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When an object radiates heat or energy (without supply from external source), it goes into a lower energy state. There are different way for that to happen. I will take one example - the pencil one.

Think the reverse first - what happens if temperature of pencil is raised say by 10 degrees. The molecules in the pencil vibrate faster and gain kinetic energy.

Same way, when temperature of pencil goes down by 10 degrees, it looses the kinetic energy of its molecules.

If you cool the pencil to close to 0 K, then in addition to kinetic energy of molecules, there may be other changes taking place in its structure, or orbit of electrons themselves. I am not sure, but I guess you get the idea.

A flash light looses energy because its battery chemical goes into a lower energy state by loosing energy.

The loss of energy can be considered a loss of mass per E = M * C * C. But it is not like a part of electron (or something else) break into energy.

Some nuclear decay kind of processes may/do actually emit mass particles though in addition to radiation.

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There is no general answer to where the energy for light emission comes from. Where the energy comes from ultimately depends on which physical process is used to produce the light. Blackbody radiation stems from thermal energy. A diode converts electrical energy into light. Electron-positron annihilation would indeed essentially draw from mass. And so on.

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    $\begingroup$ I see. I remember long time ago I heard somebody explaining Einstein's E=m*c^2 as an actual mass loss when an object emits light. $\endgroup$ – GetFree Feb 18 '16 at 2:07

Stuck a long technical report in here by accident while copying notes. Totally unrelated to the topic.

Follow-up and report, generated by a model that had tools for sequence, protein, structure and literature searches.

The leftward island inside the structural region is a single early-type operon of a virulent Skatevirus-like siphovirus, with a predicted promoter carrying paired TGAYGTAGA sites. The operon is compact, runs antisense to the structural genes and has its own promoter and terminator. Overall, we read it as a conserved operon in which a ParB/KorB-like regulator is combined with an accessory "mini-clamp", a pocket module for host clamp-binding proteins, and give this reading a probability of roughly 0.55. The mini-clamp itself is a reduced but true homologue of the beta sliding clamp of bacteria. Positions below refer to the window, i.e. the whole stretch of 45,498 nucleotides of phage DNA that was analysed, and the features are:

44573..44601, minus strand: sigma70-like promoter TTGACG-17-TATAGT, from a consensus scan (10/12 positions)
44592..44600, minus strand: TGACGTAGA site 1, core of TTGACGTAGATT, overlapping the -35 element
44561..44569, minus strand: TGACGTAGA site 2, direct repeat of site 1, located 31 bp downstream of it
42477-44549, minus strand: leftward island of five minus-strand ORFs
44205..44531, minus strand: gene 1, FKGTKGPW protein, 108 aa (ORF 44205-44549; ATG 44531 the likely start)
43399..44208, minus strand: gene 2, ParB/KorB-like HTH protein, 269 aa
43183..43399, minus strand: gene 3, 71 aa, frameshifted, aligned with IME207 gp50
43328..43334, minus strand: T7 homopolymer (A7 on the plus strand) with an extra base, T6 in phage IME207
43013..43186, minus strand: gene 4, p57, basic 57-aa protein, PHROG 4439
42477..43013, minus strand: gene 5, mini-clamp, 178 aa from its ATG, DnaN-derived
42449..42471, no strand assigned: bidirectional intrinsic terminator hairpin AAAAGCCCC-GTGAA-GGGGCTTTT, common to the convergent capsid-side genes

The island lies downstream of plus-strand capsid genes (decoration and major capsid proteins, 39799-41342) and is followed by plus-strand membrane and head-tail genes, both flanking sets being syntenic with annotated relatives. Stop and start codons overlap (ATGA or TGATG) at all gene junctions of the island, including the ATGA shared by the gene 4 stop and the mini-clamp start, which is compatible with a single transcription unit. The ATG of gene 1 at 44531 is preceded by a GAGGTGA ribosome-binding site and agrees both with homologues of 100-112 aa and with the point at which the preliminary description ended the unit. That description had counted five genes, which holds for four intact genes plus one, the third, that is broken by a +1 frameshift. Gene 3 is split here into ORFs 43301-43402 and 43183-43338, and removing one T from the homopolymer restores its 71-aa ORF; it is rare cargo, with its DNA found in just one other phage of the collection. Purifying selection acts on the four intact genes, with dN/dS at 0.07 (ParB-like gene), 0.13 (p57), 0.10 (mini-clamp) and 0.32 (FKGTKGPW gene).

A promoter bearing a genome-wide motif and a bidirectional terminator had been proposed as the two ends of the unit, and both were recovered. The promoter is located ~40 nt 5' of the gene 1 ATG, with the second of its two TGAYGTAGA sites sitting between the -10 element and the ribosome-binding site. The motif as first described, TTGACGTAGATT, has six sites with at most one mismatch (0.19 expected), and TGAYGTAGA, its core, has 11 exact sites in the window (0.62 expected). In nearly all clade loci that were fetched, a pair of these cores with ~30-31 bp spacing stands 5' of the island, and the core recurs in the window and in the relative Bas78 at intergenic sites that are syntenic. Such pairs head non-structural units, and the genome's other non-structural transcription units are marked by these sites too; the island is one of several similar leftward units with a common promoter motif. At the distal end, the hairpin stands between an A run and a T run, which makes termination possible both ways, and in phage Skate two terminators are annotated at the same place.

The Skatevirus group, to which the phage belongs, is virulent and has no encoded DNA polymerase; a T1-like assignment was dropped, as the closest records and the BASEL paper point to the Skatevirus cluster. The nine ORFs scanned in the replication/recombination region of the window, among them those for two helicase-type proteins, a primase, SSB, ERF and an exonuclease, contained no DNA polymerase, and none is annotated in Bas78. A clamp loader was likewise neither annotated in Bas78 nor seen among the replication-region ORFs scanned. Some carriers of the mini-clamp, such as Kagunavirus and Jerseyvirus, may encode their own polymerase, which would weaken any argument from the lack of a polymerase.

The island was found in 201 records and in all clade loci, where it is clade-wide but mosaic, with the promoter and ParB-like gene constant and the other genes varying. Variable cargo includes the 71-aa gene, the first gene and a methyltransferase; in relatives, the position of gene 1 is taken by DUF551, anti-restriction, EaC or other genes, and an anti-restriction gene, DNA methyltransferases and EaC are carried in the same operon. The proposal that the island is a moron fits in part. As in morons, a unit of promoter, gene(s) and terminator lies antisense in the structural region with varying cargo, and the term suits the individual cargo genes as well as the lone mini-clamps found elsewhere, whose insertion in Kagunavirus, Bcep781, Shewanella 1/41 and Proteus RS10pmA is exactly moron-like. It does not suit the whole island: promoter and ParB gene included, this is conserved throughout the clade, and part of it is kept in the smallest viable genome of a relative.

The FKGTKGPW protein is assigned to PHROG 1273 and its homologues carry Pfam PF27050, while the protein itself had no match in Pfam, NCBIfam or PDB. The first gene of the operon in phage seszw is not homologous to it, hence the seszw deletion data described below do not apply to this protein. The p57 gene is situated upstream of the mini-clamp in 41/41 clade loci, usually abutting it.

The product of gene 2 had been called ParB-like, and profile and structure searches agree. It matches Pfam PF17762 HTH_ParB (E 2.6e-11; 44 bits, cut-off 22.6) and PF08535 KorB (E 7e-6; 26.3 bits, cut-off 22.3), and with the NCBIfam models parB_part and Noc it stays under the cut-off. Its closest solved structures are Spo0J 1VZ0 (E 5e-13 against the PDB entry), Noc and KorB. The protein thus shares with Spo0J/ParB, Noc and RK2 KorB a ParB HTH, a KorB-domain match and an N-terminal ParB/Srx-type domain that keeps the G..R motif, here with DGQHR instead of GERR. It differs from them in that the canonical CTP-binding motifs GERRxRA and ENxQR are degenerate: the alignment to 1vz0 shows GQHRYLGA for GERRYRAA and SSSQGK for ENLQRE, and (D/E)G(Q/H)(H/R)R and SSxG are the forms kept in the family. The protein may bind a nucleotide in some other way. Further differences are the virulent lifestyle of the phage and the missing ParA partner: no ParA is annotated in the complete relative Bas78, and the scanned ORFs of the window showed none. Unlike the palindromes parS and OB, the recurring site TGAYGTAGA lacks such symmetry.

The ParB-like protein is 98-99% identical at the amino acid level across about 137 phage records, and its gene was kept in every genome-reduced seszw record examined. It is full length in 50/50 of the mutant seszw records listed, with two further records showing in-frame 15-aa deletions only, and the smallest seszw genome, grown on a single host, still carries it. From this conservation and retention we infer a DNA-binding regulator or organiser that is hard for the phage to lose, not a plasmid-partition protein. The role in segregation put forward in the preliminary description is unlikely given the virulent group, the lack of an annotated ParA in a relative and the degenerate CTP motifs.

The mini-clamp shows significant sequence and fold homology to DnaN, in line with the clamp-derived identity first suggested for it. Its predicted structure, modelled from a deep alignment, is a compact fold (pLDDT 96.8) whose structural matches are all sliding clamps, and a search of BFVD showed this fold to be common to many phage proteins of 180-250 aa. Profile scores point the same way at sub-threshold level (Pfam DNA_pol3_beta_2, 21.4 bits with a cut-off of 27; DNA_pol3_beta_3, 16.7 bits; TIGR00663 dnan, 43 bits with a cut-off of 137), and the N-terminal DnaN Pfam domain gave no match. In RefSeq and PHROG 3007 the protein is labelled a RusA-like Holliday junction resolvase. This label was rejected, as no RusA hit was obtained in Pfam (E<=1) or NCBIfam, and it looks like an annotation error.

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    $\begingroup$ @GetFree: Interpreting the mass-equivalent of energy as actual mass is a misleading concept. It's good to keep in mind that all energy has a mass-equivalent per $E=mc^2$, and that e.g. objects with more energy will be heavier because gravity acts on them more strongly (a full battery is very, very slightly heavier than an empty one), but when we talk about the mass of an object, we usually mean its rest mass.. $\endgroup$ – ACuriousMind Feb 18 '16 at 2:09
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    $\begingroup$ You lost me on that last statement. You say that a full battery is slightly heavier but that its "rest mass" doesn't change? In what way the full battery is heavier then? $\endgroup$ – GetFree Feb 18 '16 at 2:13
  • $\begingroup$ @GetFree: It's just word games: If you think a "full battery" is a different system than an "empty battery", then you would assign both systems different rest mass (precisely by $m=E/c^2$). However, outside of nuclear particles fusing and perhaps molecular bonds, we usually don't consider such types of energy to contribute to the "rest mass" - no one would say a rotating rod has more mass than the same rod lying still despite the rotating rod having more energy. A full battery is like the rotating rod - it has more energy, but it is somewhat ridiculous to say it has more mass. $\endgroup$ – ACuriousMind Feb 18 '16 at 2:25
  • $\begingroup$ @GetFree if you would/could measure extremely accurately the gravitational force on some system, then it would reflect its total energy, not the total rest mass of all included particles. A hotter diamond crystal is slightly heavier than a cooler diamond crystal with the same number of atoms; a molecule of oxygen has slightly different weight than two separate atoms of oxygen, when Uranium238 decays, the resulting Th234+He have the same number of neutrons/protons but slightly lower rest mass than the U238 had, etc. $\endgroup$ – Peteris Feb 18 '16 at 2:26
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Optical emission comes from (a) internal energy of the system, such as electronic excitation, or (b) external energy which stimulates the system, providing the energy which will later be emitted.

If the light comes from an otherwise closed system, and it emits total energy E, then yes, the mass of that system is reduced by $m=E/c^2$.